If only all friends were loyal, startups revolutionary, lovers true, and politicians honest. What a wonderful world it would be. But even in Silicon Valley, we live on Earth. And so, we have content moderation.
It should surprise no one that people, including politicians, lie in every era using the tools at hand—pen and paper, leaflets, radio, television, gullible reporters, manipulable recommendation algorithms, social media ads. But what is somehow both more surprising and totally understandable is how many people now seem eager for private companies (or government, or both) to limit their exposure to untruth. At platforms, the call for more moderation is coming in loud and clear from users, non-users, academics, governments, civil society orgs. “SOMEBODY DO SOMETHING,” they are saying. “BEFORE IT’S TOO LATE.” Of course, people are freaked out. Spreading lies on a mass scale used to be really expensive and now it’s not. At the same time—do they really think we can use code to … eliminate lies? Or that if we could sanitize our interpersonal world to that degree, it would be wise?
I’m sympathetic to the call for more moderation of the online social spaces where we now spend so much of our lives. At Medium, I banged my head against this particular wall every day for years, of how to foster an environment where people felt safe and free to express themselves without becoming targets of harassment, intimidation, and myriad other forms of abuse. I worked with content moderators to draft and evolve clear policies and figure out how to enforce them as quickly, consistently, and humanely as possible. No doubt some disagreed with what we chose to do and not do. But that’s what happens when you do something.
In his essay on Facebook’s policy on political ads, John Samples proposes that platforms instead not do something. Such strong free speech objections to the will to moderate go something like this: as harms perhaps attributable to social media pile up, sure, it’s tempting to ask or force online platforms to fix democracy by eliminating ostensibly dangerous expression, in this case, political ads that lie. But … that temptation should be resisted. Whether you do it by creating a bad news cycle for the company, or force them to do it by law, if you let yourself panic, break the constitutional glass, pull out the speech extinguisher, and use it to put out today’s social media dumpster fire, you may not have strong free speech norms left later when you need them, and then we’ll all be sad.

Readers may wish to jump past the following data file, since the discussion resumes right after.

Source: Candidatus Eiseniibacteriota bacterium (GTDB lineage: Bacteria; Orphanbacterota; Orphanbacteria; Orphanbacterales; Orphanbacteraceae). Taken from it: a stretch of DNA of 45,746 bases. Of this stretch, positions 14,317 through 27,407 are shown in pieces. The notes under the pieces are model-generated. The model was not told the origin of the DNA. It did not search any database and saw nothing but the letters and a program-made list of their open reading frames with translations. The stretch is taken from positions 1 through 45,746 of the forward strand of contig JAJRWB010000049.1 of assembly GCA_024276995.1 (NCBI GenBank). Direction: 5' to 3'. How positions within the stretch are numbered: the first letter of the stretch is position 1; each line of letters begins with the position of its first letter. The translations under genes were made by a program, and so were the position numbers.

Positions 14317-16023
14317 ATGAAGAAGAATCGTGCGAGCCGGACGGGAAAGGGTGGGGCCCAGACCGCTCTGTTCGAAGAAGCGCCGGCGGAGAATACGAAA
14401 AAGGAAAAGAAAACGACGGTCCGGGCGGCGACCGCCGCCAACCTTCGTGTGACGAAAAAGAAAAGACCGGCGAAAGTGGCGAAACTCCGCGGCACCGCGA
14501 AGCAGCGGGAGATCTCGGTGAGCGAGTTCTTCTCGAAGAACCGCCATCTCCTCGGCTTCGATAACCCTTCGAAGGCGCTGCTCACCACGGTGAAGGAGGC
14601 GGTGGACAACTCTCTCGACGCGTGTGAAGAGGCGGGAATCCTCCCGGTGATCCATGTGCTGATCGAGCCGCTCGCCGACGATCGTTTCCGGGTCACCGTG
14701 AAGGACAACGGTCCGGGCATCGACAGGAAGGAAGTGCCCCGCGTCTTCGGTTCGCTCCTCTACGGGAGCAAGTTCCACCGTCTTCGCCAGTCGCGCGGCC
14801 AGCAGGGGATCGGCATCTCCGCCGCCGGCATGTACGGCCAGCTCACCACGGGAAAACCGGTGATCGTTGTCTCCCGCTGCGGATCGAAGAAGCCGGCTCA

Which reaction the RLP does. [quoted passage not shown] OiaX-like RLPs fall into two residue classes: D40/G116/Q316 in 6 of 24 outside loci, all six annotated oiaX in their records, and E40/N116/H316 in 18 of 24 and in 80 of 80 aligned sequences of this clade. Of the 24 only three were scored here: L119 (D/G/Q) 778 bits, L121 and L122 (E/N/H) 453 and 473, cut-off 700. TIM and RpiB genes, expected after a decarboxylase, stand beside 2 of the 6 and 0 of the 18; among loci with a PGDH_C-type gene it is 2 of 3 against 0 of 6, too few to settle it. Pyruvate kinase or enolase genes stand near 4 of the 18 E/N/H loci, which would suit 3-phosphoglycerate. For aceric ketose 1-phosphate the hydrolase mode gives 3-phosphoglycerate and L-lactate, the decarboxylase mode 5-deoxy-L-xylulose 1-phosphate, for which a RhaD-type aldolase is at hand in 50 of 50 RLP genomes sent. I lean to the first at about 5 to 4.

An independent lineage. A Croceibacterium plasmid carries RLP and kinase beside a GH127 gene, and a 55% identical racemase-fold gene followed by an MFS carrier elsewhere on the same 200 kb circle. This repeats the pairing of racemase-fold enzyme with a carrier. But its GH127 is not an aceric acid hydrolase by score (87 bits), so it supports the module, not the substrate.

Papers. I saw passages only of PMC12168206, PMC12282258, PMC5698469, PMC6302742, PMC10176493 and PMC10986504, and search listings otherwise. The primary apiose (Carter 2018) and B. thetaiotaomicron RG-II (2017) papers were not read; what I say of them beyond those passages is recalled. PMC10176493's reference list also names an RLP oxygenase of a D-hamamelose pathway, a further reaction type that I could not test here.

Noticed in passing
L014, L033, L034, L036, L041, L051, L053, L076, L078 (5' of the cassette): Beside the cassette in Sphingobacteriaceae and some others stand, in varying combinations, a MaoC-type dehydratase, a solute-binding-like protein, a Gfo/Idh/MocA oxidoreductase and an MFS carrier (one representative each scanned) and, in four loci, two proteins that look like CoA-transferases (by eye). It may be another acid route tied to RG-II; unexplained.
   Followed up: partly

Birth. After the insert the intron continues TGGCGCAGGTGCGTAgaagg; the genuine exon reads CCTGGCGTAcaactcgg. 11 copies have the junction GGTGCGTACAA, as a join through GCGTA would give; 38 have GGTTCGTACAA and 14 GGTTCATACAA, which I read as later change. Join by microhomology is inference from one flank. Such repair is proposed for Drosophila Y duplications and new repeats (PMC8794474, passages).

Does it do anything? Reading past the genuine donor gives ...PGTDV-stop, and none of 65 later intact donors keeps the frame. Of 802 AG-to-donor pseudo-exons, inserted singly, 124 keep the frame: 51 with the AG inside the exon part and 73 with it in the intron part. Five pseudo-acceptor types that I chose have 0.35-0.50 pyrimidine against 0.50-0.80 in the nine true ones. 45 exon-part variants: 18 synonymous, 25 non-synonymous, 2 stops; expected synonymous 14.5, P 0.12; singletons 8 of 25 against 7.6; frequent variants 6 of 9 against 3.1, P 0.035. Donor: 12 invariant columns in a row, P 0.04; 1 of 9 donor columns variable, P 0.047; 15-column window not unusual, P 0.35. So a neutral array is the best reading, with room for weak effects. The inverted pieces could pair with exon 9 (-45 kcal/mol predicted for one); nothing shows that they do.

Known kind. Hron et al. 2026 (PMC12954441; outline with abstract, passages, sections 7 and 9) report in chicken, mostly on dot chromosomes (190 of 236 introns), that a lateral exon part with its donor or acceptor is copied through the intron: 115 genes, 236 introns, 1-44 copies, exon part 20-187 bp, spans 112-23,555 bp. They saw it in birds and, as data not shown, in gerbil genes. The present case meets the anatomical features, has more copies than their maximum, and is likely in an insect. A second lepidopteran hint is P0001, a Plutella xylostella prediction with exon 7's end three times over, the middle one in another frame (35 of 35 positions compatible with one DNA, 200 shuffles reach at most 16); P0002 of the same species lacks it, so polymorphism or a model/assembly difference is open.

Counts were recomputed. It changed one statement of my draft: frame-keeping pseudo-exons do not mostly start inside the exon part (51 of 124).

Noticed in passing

So, then, what do we do? Nothing? Just keep posting and liking and hoping? Won’t that just lead to more of the same?
Samples offers a solution of sorts: personal responsibility. As he puts it, “[w]ith free speech, the audience for the advertising is called upon to hear arguments and form views about truth and falsehoods.”
In other words: you’re on your own, kids. Good luck out there weighing the evidence.
To which I think a fair response is: Gee thanks, I’m drowning in nonsense designed to break my brain and obscure reality, absorbing factual claims I have no time or ability to check, and now I’ve been left on my own to “hear arguments and form views about truth.”
This assumption—that a given citizen using social media has all necessary inputs to form robust views about truth—is a key problem with Samples’s solution. Does the default information environment of social media give users enough to evaluate political claims and decide? Are we fully equipping users to make wise decisions about the information they ingest? If yes, then great, we have no problem. We can hope people make well-informed and carefully considered judgments based on evidence (as they always did until the advent of the Internet … no, not really, but I’ll leave that for another day). But, if we’re not giving users what they need to apply their reason and discernment, well then, however hard we think about what we see, it’ll be garbage in, garbage out.
If you’re committed to this strong free speech position on platform operation that prohibits hard (removal) or soft (downranking) forms of moderation, then I think you should also show up with a clear position on how your imagined users arrive at a state in which they can assess the truth of what they read, and who takes responsibility for putting them in that position. Are we setting people up for free speech success in the current information environment? So far, I think the answer is pretty clearly no. And I believe this is the case in at least two ways, one socially broad and one local to the distribution technologies we’re talking about.
First, and this sort of goes without saying but is worth making explicit, a literate citizenry is harder to misinform. And that’s not going to just happen without policy choices and investment. This raises bigger questions of educational policy better elaborated elsewhere: what intellectual backbone are we providing people to draw on when they encounter and process online information? How about broad and affordable access to critical thinking and media literacy resources? How about technical training on basic internet architecture, like routers and IP addresses and referral links? This isn’t really a platform policy answer. But misleading ads and posts aren’t really just a platform problem. Social media may be a striking and novel-feeling manifestation of the problem (or the one that legacy media are most motivated to report on). But it’s a local symptom of vast tectonic social forces. So, how do we foster a more resilient national intellectual immune system against pernicious nonsense, whether it comes through social media, cable news, tabloid magazines found next to the candy, or friends and loved ones?